12 thoughts on “Never Had a #1… Bob Marley & The Wailers

  1. I know pretty much every one of Marley’s Island tracks and don’t really remember him having major successes here. A lot of those you mentioned came off Confrontation, which was the last album. Iron, Lion, Zion was a “lost” track which got found. Wouldn’t surprise me if Bob hid it. And I’ve heard a few of these souped up tyracks where he’d turn in his grave.
    I used to love hanging around the REecord Exchamges around Westbourne Park, before CDs even. West London was the real home of reggae.

    • Yeah, of the five tracks I featured, four were posthumous hits. He had a few chart successes in the 70s – No Woman, No Cry for example – but it was Exodus that really put him on the map a couple of years before he died, I think.

      • Exodus was a mental album, yeah. But really they were all good. Natty Dread was meh. But certainly by the time he died, those last few albums were well-polished. But I guess it must have been weird for e.g. UK (and especially US) audiences in general who were probably hearing the beat for the first time.

  2. ‘Exodus’ was the first reggae album I bought, back @1977. I think I was turned on to the genre by John Peel radio show, combined with the association to early punk music / culture. My interest in reggae was then cemented at a party when down in London, at which Jimmy Lindsay was blaring endlessly.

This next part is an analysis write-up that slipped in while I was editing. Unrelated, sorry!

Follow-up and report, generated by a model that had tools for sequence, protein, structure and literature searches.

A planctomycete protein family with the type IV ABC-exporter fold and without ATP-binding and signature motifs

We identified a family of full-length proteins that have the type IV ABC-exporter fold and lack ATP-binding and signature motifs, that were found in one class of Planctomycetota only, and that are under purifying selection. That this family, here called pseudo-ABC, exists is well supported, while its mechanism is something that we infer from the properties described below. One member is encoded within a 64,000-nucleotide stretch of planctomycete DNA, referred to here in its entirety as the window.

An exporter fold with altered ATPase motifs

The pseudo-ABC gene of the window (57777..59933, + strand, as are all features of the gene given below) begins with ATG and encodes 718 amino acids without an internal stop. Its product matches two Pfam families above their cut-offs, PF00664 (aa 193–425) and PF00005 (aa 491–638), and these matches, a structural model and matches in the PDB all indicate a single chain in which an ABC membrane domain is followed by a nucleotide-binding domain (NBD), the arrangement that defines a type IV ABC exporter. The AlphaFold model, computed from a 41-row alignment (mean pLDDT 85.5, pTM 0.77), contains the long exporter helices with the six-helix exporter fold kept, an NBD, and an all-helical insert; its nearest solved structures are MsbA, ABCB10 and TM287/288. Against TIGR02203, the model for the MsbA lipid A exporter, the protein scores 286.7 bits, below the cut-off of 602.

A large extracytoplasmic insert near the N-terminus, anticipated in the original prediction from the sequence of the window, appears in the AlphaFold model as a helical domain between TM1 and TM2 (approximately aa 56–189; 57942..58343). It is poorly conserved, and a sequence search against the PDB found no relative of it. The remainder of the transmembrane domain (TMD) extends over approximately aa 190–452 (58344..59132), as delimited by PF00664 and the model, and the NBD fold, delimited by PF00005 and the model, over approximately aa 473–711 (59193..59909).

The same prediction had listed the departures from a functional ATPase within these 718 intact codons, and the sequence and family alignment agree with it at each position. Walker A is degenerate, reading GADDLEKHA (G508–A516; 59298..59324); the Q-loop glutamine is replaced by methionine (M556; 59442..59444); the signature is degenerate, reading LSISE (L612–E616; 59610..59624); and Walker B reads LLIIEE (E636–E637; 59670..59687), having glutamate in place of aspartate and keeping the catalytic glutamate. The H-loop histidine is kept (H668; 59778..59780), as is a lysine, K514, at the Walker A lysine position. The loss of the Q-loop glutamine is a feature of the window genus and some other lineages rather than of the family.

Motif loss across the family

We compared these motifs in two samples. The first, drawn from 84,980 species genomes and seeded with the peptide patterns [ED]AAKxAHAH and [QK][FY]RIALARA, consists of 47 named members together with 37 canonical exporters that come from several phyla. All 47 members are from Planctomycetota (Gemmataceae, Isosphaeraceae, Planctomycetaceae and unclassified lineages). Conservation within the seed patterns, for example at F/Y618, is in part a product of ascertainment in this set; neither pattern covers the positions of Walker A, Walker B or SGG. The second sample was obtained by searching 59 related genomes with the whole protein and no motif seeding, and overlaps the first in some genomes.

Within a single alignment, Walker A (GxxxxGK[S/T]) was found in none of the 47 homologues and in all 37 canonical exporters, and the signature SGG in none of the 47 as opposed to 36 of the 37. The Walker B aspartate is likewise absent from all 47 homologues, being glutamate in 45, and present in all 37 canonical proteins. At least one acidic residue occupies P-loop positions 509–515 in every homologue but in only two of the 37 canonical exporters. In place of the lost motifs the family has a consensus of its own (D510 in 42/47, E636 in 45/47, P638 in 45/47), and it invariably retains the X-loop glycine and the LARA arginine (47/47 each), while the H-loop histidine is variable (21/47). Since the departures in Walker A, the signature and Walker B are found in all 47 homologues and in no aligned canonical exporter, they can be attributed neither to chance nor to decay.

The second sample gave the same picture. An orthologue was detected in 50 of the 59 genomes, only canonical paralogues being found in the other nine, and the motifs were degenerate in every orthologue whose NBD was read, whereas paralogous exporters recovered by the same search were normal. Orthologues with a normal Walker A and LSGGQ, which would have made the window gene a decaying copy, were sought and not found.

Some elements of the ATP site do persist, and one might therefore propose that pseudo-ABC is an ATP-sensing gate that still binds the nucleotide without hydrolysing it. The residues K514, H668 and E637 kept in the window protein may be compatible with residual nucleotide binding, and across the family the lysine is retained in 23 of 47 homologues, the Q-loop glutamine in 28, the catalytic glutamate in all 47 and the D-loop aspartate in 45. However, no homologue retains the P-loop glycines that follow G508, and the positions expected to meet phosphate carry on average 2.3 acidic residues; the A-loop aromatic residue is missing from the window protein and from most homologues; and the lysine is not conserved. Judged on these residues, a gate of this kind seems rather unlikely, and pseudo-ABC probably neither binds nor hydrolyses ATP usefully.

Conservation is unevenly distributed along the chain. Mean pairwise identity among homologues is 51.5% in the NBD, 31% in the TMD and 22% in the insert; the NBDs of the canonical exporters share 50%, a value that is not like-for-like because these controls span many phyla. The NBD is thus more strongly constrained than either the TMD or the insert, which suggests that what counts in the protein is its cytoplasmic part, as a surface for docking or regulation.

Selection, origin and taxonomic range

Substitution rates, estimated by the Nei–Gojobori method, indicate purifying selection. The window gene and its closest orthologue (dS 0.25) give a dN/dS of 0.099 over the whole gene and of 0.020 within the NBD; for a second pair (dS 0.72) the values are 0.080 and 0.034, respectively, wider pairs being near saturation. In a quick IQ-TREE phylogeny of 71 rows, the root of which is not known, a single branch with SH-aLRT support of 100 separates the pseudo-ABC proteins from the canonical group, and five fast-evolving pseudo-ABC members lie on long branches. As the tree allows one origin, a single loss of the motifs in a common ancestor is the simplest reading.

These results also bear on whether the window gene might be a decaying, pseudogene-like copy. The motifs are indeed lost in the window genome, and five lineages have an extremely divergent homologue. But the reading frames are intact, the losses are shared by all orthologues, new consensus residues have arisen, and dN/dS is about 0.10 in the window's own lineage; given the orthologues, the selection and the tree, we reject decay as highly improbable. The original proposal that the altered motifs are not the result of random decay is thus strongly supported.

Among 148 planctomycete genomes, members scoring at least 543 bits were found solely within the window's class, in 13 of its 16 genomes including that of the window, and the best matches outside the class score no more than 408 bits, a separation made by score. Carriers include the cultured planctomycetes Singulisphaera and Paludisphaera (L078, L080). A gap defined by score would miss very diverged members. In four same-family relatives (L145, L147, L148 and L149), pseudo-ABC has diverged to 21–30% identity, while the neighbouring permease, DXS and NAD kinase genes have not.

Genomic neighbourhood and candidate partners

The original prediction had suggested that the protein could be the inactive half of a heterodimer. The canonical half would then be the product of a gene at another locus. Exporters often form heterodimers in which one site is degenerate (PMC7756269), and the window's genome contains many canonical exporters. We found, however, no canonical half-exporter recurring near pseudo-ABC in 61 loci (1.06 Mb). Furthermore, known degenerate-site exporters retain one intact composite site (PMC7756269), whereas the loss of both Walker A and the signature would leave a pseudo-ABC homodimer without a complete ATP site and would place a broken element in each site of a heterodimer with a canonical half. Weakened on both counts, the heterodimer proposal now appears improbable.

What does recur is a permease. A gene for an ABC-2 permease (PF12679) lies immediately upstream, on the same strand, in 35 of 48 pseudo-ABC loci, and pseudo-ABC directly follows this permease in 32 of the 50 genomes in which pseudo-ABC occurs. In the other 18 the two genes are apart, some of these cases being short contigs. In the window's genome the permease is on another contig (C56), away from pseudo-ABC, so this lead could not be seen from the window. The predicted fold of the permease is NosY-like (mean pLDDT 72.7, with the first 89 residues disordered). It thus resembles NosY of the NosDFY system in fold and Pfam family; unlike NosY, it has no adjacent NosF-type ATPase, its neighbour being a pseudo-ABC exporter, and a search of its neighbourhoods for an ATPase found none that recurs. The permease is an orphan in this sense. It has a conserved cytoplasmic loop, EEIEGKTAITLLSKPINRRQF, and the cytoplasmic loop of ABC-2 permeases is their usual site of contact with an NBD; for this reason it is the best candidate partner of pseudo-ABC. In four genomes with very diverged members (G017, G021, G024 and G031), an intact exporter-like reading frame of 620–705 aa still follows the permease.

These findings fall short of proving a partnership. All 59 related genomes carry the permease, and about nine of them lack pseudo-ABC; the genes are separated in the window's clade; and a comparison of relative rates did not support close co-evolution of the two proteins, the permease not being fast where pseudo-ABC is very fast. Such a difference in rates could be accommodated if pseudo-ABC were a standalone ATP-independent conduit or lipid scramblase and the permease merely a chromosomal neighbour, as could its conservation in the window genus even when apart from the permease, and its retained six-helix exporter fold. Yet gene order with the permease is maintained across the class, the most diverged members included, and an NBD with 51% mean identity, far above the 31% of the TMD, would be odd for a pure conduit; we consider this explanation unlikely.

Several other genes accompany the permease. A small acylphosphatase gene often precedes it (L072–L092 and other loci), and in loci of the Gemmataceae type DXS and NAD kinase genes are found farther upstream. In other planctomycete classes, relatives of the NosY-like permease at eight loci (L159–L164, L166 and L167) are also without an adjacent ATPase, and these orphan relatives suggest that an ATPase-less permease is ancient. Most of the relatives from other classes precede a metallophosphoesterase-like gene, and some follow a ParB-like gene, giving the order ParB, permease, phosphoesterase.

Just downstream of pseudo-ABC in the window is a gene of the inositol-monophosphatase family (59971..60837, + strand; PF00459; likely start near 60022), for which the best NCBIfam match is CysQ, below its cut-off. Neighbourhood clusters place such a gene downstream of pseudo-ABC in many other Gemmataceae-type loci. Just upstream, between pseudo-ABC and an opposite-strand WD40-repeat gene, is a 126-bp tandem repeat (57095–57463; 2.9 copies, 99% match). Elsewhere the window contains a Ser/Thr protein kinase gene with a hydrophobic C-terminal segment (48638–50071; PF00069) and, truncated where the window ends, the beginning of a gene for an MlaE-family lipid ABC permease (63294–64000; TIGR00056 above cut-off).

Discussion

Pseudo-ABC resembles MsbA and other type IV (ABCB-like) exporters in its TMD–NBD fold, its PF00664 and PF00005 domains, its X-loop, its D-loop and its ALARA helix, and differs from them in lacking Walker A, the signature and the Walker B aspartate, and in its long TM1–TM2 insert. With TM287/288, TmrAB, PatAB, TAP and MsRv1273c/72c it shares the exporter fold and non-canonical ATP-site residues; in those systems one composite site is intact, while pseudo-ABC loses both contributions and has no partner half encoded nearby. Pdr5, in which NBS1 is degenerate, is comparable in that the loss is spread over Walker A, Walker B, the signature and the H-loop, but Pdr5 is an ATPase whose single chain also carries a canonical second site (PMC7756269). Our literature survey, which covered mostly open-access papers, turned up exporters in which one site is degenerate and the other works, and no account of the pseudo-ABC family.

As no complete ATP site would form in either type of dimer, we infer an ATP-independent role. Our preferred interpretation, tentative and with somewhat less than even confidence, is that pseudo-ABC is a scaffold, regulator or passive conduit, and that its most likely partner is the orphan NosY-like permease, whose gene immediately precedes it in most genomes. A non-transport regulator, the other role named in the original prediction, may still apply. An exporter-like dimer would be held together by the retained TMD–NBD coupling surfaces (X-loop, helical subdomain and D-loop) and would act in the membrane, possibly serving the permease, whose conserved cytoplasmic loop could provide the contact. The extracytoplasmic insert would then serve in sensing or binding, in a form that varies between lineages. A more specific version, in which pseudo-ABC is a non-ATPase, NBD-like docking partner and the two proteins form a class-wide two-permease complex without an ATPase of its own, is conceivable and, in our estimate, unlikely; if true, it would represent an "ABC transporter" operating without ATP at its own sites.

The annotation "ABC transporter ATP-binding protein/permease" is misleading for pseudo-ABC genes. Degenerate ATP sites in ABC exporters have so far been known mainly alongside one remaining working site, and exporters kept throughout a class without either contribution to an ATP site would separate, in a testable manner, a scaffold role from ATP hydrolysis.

Never properly counted all my reggae and ska collection, but I know there are 40+ vinyl albums and a lot more on CD — all down to the influence of Bob Marley. 🙂

    • The reggae #1s I’ve featured so far have really helped me appreciate the genre more… even the cheesier ones like ‘Red Red Wine’ and… whisper it… ‘Ob La Di Ob La Da’

  3. I don’t like all reggae but I like Peter Tosh and Bob Marley… Stir It Up being my favorite but I like most of his stuff.

  4. It’s a hell of a better chart record than in the US where he only charted once in 1976 with “Roots, Rock, Reggae” at #51 and but got his biggest exposure with Eric Clapton’s weak ass “I Shot The Sheriff” cover that went to #1 in 1974. Much of his US success came with the Legend greatest hits album that’s sold about 15 million copies and has the second longest run on the album charts next to Dark Side of the Moon. Funny enough, I was watching a recent episode of The First Lady miniseries and in one of the parts on Betty Ford, they played the Bob Marley original “I Shot The Sheriff” during one of the scenes with her husband Gerald after he takes office as President which would have been just before Eric Clapton’s cover hit #1 but they apparently didn’t pay attention to that detail and figured it wouldn’t be a difference what version was played.

      • Yeah I think I mentioned before about the US kind of going in waves when it comes to reggae most notably with the popular dancehall and reggaeton trends starting in the ‘90s unlike the UK with its heavier West Indian influence making reggae more of a chart force. But full on reggae hasn’t had much impact even with a superstar like Bob Marley. His songs feel so omnipresent that it’s weird to think that he didn’t have much presence in the US during his time.

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  7. I agree with Max. Stir It Up is my favorite but, I don’t think that charted anywhere from Marley. To confuse matters, I grew up listening to Nash’s version…and thought it was Marley.